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White House Releases Maternal Health Blueprint

The White House on June 24 released its Blueprint for Addressing the Maternal Health Crisis, outlining the administration’s approach to combating maternal mortality and morbidity.

The blueprint outlines five priority goals to improve maternal health and outcomes, including:

  • increasing access to and coverage of comprehensive, high-quality maternal health services, including behavioral health services;
  • ensuring women giving birth are heard and are decision-makers in accountable systems of care;
  • advancing data collection, standardization, harmonization, transparency, and research;
  • expanding and diversifying the perinatal workforce; and
  • strengthening economic and social supports for people before, during, and after pregnancy.

For each priority area, the blueprint includes specific actions the federal government will take, for example:

  • address social determinants of maternal health;
  • strengthen risk-appropriate care in rural and urban areas;
  • strengthen supports and access to perinatal addiction services for individuals with substance use disorder;
  • establish a national, confidential, 24-hour, toll-free hotline for pregnant and postpartum individuals facing mental health challenges to increase access to mental health care;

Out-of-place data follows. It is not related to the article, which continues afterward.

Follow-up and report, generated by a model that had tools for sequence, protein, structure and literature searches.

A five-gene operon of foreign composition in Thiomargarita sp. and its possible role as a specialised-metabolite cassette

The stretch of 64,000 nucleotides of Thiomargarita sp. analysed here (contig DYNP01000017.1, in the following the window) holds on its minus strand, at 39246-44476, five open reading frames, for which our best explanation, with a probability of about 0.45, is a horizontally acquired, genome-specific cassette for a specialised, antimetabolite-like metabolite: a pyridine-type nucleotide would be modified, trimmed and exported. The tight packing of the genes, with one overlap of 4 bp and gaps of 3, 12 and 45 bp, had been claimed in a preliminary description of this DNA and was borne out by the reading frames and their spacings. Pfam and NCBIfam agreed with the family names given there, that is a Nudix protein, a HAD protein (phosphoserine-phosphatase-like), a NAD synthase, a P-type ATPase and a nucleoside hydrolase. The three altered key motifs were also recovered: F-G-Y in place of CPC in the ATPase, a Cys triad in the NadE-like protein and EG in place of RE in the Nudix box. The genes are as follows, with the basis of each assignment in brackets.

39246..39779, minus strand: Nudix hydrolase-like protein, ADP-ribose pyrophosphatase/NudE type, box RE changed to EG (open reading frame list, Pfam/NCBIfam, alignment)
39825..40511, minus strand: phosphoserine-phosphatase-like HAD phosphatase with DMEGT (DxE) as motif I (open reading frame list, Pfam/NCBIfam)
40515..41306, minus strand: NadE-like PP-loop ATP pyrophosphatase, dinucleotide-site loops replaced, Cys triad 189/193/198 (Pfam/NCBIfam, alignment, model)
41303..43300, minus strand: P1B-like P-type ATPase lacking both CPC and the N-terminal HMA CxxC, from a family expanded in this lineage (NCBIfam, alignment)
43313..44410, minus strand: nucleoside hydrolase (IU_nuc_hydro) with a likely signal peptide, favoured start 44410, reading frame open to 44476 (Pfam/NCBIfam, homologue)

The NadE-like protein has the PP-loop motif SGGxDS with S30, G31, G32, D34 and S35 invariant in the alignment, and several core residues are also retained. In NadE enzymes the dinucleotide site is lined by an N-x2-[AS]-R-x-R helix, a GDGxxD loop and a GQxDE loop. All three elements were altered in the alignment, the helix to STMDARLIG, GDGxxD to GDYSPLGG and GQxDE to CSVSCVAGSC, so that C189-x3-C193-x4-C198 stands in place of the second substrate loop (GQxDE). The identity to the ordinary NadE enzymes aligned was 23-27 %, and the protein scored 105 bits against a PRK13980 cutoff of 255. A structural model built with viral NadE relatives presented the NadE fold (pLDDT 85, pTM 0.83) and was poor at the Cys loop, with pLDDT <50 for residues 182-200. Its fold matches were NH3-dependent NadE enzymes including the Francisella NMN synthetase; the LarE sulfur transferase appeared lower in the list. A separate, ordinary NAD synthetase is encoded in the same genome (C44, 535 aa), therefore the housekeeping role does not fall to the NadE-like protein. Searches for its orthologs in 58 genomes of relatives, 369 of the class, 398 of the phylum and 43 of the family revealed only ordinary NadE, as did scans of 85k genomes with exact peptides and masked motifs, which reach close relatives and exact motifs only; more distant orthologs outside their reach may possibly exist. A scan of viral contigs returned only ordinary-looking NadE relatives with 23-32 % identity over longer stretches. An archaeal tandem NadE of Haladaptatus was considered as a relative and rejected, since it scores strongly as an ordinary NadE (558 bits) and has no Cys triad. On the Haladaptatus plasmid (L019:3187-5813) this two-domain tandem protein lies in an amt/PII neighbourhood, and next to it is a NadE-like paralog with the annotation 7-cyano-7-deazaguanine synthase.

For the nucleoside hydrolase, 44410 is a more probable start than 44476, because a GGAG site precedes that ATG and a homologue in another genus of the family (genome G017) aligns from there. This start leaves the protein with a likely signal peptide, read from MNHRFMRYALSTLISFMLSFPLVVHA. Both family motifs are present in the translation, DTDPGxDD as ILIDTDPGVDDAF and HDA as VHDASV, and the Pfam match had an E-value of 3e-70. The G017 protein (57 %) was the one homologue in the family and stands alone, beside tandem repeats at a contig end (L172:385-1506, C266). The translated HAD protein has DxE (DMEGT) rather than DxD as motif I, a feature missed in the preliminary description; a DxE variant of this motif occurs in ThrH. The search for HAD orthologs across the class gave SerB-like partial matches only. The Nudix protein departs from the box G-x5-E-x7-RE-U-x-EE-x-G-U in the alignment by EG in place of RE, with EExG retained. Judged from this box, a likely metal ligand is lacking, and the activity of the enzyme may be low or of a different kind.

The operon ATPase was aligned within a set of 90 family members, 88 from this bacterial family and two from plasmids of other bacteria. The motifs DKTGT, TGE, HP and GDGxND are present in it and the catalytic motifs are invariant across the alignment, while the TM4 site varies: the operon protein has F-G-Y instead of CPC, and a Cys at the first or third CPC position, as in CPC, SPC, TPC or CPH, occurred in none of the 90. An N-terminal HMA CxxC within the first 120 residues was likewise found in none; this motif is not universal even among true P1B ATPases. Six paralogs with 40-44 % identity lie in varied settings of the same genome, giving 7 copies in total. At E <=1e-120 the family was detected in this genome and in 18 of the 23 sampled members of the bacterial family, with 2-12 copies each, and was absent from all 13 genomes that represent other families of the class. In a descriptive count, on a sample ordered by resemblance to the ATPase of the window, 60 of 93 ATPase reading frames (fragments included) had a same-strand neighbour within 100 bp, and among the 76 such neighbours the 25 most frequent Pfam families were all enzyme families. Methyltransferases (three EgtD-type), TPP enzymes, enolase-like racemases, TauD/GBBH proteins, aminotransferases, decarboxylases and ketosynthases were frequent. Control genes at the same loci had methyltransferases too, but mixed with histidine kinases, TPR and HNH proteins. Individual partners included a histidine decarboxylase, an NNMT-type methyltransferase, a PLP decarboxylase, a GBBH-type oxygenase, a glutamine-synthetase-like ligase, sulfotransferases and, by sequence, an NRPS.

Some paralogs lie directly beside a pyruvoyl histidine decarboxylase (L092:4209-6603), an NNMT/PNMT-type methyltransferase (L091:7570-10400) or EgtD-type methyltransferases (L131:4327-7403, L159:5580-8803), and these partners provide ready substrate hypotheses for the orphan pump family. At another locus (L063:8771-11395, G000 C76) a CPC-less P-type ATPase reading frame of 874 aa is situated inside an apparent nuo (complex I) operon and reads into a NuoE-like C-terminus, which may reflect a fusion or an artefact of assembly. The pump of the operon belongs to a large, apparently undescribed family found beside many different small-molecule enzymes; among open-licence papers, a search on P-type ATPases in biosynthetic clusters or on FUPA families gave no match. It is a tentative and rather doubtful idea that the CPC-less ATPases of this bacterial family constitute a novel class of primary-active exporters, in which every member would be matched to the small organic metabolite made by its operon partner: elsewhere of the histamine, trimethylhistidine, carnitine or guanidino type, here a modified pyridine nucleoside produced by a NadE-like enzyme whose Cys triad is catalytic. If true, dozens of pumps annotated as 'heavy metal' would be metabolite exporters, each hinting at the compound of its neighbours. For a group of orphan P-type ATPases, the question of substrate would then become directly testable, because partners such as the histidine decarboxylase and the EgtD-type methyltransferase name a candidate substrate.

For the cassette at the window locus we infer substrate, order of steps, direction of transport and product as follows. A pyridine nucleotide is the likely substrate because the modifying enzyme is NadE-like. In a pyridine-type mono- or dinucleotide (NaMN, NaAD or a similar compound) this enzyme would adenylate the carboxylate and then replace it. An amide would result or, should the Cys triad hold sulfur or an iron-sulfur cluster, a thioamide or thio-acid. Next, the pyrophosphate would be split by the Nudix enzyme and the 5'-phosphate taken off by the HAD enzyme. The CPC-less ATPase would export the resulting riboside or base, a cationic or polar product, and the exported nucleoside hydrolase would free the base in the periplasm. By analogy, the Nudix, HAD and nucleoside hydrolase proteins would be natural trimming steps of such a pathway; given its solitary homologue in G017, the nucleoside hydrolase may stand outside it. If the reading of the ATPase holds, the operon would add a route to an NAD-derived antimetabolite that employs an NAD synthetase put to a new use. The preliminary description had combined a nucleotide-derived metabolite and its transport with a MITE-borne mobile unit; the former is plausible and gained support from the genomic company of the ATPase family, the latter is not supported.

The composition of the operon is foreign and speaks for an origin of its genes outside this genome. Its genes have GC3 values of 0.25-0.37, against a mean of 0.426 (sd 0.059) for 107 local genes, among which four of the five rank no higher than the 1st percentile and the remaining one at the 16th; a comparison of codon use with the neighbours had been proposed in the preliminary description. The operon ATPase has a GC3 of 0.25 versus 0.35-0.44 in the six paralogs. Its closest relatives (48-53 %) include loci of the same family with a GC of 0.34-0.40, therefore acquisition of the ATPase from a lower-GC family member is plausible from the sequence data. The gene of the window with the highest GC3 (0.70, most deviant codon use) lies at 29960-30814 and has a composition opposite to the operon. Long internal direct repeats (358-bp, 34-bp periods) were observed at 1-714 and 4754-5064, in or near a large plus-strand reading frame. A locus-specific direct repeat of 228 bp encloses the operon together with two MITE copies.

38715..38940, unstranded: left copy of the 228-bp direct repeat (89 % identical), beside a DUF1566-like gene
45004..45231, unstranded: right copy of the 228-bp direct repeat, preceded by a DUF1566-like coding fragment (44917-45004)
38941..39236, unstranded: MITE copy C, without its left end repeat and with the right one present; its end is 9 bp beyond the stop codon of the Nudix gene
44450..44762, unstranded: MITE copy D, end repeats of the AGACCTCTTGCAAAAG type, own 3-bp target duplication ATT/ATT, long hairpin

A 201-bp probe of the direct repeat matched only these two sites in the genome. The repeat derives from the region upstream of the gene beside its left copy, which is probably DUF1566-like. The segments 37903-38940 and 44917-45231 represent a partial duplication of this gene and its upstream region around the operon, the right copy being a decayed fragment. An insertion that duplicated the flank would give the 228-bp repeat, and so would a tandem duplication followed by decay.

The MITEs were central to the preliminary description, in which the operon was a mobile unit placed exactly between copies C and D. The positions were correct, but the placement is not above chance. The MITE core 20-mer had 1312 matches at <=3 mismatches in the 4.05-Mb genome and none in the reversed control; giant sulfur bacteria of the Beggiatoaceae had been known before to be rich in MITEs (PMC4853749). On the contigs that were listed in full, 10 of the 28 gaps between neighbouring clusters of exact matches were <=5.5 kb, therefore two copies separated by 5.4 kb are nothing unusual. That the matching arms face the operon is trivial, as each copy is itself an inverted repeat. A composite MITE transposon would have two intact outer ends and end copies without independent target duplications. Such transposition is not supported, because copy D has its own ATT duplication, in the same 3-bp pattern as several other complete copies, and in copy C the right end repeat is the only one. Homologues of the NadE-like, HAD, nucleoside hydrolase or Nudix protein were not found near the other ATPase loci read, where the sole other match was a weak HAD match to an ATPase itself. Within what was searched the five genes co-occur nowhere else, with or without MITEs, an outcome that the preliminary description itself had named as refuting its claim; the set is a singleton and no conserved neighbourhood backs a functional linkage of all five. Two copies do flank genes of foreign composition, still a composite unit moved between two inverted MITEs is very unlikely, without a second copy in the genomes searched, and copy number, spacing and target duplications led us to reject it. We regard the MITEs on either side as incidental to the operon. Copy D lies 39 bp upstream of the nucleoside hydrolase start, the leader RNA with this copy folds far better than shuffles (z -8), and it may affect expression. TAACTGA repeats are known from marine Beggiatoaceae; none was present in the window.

• explore opportunities to advance equitable, high-quality maternity care provided by hospitals, including revisions to the hospital Conditions of Participation and a proposed “birthing friendly” hospital designation;
  • making insurance coverage and costs of care transparent and protecting consumers from surprise bills;
  • train providers on implicit bias and culturally and linguistically appropriate care;
  • train more family medicine and obstetric providers in underserved settings;
  • increase the number of community health workers and health support workers in underserved areas;
  • identify Maternity Care Health Professional Target Areas, areas within primary care Health Professional Shortage Areas with the highest need for maternity care health professionals; and
  • identify and address potential adverse effects on maternal health from climate change.

The administration also called on Congress to improve and expand coverage by closing the Medicaid coverage gap and requiring that states provide continuous Medicaid coverage for 12 months postpartum.

Contact Senior Director of Policy Erin O’Malley at or 202.585.0127 with questions.


About the Author

Maryellen Guinan is a principal policy analyst at America's Essential Hospitals.

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